Missoula County District Court Judge Ed McLean was having none of it recently when, in the midst of a court proceeding, an attorney requested extra time to consult with his client.
McLean reminded the attorney that the court was dealing with 85 matters that day. If everybody asked for more time, he wondered, where would that leave things?
Turns out, pretty much where they already are. Like nearly every other judge in Montana, McLean is overburdened.
An annual study shows that as of last year, the Fourth Judicial District that encompasses Missoula and Mineral counties could have used at least one more judge. (Actually, 1.47, according to the study by the state District Court Council, which develops policies and administers funding for state courts.)
Only two judicial districts, the 14th (Golden Valley, Meagher, Musselshell and Wheatland counties) and 15th (Daniels, Sheridan and Roosevelt) were ahead of the game, and then only by small fractions.
According to numbers tallied at the end of 2011, the greatest need was in the Lewis and Clark/Broadwater County District, which could use an extra 1.45 judges; Flathead County, 1.53; and Yellowstone, 1.77 – and each of those districts started the year with an additional judge approved by the 2009 Legislature.
(Lest the fractions sound unrealistic, court systems in the larger districts use standing masters – attorneys who function as acting judges in certain cases, and who count in the study as 0.75 of a judge.)
A judge’s workload can become so intense that Flathead County District Judge Kitty Curtis cites it as the reason she’ll retire at the end of the month.
“Some of the individual cases are stressful, but more than the nature of the work to me is the quantity of the work. You just never get to the point that you feel like you’re doing what you’d like to do with anything,” said Curtis, first elected in 1994. Her term on the District Court Council ended in June.
Some math: Judge McLean’s day in court starts at 8:30 a.m. Even figuring for an hourlong lunch break, that averages out to just more than 5 minutes per case if things wrap up by 5 p.m.
Some cases are just quick procedural matters and take even less than that. Some take much longer. The day McLean issued his tart reminder to the lawyer was heavier than normal because the judge had been on vacation the week before, and his cases had stacked up. But even a normal day can involve 60 cases, he said.
As bad as that sounds, the system is much improved, thanks to that same judicial workload study.
Montana’s study was first done in 2006, as part of a nationwide effort by the National Center for State Courts.
McLean, a member of the original District Court Council that was formed after the Legislature shifted court funding from the counties to the state, pushed hard for that study, said Beth McLaughlin, court services director.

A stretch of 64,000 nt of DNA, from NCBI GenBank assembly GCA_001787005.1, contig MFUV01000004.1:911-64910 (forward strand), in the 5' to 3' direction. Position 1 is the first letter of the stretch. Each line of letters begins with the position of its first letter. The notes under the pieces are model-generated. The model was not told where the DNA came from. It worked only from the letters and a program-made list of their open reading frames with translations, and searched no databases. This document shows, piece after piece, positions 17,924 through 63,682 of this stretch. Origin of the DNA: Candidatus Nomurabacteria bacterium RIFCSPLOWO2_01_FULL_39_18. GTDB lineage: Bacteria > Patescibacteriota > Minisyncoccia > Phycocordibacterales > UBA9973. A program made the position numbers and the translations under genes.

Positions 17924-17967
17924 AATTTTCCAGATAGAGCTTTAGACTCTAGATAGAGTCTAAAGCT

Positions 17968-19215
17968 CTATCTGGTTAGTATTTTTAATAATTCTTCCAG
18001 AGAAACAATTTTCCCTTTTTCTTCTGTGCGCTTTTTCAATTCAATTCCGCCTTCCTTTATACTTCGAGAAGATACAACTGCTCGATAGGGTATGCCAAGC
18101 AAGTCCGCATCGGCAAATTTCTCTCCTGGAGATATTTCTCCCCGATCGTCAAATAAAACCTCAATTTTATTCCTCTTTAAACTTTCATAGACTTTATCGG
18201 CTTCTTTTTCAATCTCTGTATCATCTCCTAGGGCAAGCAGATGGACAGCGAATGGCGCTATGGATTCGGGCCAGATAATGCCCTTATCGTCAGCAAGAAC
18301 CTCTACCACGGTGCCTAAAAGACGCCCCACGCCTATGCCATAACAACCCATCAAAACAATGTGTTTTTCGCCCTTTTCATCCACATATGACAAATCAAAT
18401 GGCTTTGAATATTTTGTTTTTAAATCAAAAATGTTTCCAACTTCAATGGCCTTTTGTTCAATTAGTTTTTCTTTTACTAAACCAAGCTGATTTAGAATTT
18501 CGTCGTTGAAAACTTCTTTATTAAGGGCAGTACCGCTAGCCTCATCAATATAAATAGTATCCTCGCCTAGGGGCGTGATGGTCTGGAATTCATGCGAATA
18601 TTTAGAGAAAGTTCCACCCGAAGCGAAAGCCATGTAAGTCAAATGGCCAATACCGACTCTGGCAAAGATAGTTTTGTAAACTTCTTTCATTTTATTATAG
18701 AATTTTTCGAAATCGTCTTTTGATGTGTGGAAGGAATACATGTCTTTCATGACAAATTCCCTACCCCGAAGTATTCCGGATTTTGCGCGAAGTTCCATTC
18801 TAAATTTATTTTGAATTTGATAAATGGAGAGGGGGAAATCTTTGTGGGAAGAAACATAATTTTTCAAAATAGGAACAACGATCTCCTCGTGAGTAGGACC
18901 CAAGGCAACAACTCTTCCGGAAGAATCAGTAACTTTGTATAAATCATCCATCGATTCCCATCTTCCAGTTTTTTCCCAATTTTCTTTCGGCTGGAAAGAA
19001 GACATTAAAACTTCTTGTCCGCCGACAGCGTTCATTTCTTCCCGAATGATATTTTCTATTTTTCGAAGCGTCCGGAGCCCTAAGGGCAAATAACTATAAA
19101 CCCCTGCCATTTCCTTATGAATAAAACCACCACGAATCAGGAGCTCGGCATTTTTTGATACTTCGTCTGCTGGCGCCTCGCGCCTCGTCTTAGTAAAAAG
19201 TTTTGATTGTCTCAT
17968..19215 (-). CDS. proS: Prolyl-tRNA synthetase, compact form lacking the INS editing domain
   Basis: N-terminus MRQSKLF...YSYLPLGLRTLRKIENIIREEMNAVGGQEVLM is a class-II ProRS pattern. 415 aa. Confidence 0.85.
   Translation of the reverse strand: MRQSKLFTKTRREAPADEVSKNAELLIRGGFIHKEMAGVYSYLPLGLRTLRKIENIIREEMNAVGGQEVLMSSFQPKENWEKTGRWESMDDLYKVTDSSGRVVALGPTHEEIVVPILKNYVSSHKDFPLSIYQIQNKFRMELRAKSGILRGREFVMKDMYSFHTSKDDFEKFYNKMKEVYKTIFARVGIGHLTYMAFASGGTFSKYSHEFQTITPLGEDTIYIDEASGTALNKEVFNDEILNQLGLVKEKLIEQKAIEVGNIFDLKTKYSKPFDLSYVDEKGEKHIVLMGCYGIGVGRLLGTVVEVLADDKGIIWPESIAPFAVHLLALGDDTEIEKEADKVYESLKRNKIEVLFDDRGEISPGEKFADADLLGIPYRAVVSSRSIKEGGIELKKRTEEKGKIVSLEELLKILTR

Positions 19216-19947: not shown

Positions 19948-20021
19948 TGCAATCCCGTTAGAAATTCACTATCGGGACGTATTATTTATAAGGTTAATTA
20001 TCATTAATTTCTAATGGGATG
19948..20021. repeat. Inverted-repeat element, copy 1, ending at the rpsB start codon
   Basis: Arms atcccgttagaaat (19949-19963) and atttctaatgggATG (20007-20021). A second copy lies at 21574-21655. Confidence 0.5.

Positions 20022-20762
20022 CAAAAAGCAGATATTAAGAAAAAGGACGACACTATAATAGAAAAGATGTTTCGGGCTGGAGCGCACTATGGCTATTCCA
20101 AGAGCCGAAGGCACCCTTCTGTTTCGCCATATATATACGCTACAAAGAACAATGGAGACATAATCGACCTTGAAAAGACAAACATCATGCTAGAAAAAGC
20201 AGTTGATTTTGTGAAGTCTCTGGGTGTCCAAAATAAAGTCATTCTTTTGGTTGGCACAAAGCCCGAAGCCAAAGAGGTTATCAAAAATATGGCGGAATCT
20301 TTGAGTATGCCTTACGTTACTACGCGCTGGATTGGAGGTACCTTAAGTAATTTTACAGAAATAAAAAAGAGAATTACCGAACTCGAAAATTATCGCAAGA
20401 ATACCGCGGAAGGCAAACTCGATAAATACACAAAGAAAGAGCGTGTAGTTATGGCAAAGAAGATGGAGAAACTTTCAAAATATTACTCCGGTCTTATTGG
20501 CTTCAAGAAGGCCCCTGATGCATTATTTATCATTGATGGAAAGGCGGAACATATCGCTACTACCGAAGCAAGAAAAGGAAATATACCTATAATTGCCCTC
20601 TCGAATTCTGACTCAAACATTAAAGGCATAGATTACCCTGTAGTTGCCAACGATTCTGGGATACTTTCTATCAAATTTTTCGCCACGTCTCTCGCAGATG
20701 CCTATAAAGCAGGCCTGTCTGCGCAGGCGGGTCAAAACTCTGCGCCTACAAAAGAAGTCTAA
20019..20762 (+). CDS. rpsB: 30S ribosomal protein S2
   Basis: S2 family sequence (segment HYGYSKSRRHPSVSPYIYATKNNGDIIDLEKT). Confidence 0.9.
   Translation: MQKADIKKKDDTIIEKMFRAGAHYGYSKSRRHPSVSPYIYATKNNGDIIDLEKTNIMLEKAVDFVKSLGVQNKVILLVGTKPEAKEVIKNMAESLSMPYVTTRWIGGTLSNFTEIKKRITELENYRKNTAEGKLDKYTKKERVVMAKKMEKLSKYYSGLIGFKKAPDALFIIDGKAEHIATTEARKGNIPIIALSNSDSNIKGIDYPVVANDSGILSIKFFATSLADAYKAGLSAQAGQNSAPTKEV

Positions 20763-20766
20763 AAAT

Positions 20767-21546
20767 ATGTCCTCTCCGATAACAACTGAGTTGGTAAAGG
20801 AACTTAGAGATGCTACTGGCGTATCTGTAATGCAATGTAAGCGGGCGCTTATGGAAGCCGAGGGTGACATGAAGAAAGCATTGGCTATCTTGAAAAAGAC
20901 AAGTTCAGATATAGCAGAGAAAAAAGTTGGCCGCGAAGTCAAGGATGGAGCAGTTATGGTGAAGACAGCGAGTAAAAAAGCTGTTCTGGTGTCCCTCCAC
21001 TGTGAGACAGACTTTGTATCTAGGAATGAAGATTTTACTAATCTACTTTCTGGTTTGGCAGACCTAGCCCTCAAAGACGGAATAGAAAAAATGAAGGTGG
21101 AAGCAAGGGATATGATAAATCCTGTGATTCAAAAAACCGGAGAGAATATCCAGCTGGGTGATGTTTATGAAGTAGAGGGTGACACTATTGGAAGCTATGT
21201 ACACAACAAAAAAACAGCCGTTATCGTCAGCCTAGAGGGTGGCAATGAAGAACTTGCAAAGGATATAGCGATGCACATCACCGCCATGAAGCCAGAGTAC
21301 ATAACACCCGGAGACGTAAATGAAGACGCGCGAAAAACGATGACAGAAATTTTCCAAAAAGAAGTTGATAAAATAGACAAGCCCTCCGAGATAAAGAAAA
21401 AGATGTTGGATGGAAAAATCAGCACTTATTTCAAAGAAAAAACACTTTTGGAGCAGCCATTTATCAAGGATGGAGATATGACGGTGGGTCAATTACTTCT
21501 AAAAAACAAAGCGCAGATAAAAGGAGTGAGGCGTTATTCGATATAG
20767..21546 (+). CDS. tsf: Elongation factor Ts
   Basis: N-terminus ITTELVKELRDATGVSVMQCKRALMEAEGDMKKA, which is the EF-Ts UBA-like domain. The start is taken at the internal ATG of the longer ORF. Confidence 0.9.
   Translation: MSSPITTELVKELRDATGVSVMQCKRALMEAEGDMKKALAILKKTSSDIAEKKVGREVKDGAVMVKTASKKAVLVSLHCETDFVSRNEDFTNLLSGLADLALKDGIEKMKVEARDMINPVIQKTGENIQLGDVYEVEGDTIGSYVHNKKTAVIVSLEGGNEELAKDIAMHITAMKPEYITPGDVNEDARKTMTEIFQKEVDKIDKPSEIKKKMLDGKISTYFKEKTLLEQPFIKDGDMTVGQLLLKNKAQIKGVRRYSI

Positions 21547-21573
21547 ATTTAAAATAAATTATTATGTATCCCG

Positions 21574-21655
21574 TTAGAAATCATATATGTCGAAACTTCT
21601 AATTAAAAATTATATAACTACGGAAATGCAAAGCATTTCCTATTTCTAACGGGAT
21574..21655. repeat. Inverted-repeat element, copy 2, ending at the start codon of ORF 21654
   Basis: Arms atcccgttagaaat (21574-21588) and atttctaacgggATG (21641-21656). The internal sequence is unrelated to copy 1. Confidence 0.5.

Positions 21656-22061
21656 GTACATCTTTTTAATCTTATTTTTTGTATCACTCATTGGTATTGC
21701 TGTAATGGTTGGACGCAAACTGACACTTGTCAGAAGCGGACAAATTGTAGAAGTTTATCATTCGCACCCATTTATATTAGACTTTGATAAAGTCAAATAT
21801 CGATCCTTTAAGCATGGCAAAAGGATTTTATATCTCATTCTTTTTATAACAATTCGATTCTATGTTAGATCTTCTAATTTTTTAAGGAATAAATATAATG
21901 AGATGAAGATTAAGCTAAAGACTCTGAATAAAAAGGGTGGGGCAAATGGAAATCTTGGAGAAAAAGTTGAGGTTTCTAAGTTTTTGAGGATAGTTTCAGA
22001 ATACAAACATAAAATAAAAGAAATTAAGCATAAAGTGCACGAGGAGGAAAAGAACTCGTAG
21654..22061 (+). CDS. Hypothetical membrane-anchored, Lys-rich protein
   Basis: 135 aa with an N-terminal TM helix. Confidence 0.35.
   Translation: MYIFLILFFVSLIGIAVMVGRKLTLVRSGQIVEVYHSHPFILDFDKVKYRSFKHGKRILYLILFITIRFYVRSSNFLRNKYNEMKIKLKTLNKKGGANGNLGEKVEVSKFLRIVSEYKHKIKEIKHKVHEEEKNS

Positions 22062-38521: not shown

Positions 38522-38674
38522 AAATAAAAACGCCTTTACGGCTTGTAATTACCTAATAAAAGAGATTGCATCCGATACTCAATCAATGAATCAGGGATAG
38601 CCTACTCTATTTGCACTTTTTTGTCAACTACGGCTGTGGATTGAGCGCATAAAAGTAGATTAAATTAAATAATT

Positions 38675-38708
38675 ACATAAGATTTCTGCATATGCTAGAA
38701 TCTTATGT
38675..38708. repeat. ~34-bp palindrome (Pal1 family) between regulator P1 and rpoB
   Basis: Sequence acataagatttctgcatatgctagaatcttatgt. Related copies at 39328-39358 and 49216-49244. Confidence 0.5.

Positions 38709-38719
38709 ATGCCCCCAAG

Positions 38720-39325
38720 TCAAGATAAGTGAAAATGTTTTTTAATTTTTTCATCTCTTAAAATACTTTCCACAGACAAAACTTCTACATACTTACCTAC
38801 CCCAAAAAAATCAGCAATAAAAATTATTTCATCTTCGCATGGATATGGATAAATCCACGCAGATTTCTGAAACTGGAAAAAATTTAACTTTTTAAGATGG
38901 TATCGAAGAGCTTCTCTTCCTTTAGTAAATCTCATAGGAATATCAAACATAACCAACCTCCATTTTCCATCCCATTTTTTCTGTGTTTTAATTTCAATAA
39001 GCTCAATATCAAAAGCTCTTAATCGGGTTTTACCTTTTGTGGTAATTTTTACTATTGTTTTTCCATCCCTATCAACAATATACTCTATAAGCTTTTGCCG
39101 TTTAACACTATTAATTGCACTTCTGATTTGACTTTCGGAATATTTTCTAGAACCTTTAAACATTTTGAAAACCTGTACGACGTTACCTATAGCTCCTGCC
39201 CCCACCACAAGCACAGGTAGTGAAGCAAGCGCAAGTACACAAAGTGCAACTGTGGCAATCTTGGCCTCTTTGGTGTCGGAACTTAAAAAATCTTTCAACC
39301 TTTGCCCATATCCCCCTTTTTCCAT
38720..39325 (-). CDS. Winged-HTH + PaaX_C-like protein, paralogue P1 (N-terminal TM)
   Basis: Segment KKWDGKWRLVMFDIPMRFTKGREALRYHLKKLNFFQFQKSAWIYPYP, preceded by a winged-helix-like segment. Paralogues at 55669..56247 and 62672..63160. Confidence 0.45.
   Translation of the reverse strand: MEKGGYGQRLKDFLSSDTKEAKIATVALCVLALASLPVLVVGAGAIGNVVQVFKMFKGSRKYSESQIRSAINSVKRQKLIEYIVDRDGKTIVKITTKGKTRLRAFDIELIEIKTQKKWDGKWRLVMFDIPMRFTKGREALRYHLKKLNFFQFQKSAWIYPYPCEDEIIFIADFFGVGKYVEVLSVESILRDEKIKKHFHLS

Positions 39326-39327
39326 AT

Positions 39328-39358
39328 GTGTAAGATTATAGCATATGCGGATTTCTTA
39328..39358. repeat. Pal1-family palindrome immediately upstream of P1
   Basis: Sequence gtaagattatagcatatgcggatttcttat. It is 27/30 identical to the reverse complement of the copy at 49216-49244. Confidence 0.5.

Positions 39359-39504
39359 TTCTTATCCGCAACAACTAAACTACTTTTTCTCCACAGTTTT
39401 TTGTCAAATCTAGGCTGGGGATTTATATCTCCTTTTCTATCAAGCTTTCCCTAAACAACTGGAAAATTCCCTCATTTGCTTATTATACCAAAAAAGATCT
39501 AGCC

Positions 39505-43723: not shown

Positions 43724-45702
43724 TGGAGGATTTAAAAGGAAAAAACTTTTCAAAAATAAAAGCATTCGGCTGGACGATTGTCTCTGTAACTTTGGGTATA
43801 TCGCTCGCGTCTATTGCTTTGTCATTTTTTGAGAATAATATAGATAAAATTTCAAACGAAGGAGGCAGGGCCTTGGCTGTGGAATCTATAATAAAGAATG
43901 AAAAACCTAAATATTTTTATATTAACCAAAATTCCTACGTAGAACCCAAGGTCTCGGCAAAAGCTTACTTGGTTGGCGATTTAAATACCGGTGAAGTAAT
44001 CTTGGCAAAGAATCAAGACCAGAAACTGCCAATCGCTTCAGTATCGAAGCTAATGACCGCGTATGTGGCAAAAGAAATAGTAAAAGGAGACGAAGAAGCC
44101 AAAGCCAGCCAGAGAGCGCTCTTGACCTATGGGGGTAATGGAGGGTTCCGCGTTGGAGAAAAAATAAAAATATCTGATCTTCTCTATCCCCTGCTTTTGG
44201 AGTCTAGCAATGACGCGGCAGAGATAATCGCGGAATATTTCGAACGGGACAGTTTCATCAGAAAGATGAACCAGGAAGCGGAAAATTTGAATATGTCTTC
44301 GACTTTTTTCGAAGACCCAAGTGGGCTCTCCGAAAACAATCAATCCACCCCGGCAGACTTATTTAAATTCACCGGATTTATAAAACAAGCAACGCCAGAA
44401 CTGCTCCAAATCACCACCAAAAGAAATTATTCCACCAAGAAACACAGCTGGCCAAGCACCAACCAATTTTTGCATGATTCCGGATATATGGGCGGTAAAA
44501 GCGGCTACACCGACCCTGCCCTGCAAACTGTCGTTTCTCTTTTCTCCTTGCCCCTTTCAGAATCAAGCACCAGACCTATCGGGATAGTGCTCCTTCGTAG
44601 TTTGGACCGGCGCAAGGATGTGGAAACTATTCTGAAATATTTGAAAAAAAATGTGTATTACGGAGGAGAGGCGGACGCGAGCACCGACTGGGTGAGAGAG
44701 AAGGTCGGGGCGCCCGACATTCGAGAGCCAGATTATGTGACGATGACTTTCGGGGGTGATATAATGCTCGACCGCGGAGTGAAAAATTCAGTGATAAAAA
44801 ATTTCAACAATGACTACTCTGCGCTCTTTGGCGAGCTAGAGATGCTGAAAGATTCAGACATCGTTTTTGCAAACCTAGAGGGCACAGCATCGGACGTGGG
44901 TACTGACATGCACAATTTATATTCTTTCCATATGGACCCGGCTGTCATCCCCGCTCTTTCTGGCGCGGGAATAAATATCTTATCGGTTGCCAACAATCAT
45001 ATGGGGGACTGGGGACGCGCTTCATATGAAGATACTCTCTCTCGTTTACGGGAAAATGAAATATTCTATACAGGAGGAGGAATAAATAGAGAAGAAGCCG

Adding a judge “used to be a political process,” she said. “Now it’s based on numbers.”
The study also helped courts prioritize how cases are handled. Those involving child abuse and neglect have the highest priority. They’re also the most time-consuming, according to the study.
With public safety and defendants’ rights to a speedy process at issue, criminal cases also take priority, and they’re nearly as time-consuming for judges, more so still in Missoula County.
“We try probably more criminal trials in Missoula than anywhere else,” McLean said. “Billings has six judges, but trialwise, we’re neck and neck.”
That leaves civil cases at the end of the line. Curtis said some divorce cases involving property settlements can take as long as two years, during which time the property values could change drastically.
By the time one divorce case, involving two homes, was resolved 10 months later, both homes had been foreclosed upon, she said. “It’s like taking one step forward and two back. The facts aren’t even the facts anymore.”
Despite the demonstrated need, the District Court Council won’t ask the 2013 Legislature for any new judges, “even though we know the need exists,” McLaughlin said.
Each judge and accompanying staff including secretary, research assistant, law clerk and court reporter costs the state about $1 million. The counties are on the hook for staff such as the bailiff and court clerk, along with office space and courtroom availability for those people.
But the council will probably seek a new judge for Missoula and Mineral counties in 2015, McLean said.
Missoula County District Court Judge Dusty Deschamps takes the long view of the situation.
When Deschamps came to the county attorney’s office in 1970, three judges handled all the cases for Missoula, Ravalli, Mineral, Lake and Sanders counties.
Now eight judges cover those same counties, he said.
In the meantime, said Deschamps, a member of the District Court Council, judges around the state have become adept at juggling.
“It kind of drives me crazy when I hear people talk about courts being inefficient,” he said. “My impression is that judges across the state are working efficiently and expeditiously.”
Curtis said that Montana’s small population works to the judges’ benefits when it comes to gripes about the court system.
“People know that we’re working and know the reason we aren’t able to decide their cases as quickly as we would like is not because we’re at the golf course,” she said. “We’re able to be known in the community and have a certain amount of credibility as individuals.”
Curtis, once she retires, plans to keep a hand in, staying involved with the workload studies and examining strategies to improve case management.
That work, she said, “will tell a story that despite the fact that we have too high of a workload, the vast majority of the things we do are being done in a timely manner.”
Reporter Gwen Florio can be reached at 523-5268, email@example.com, or @CopsAndCourts.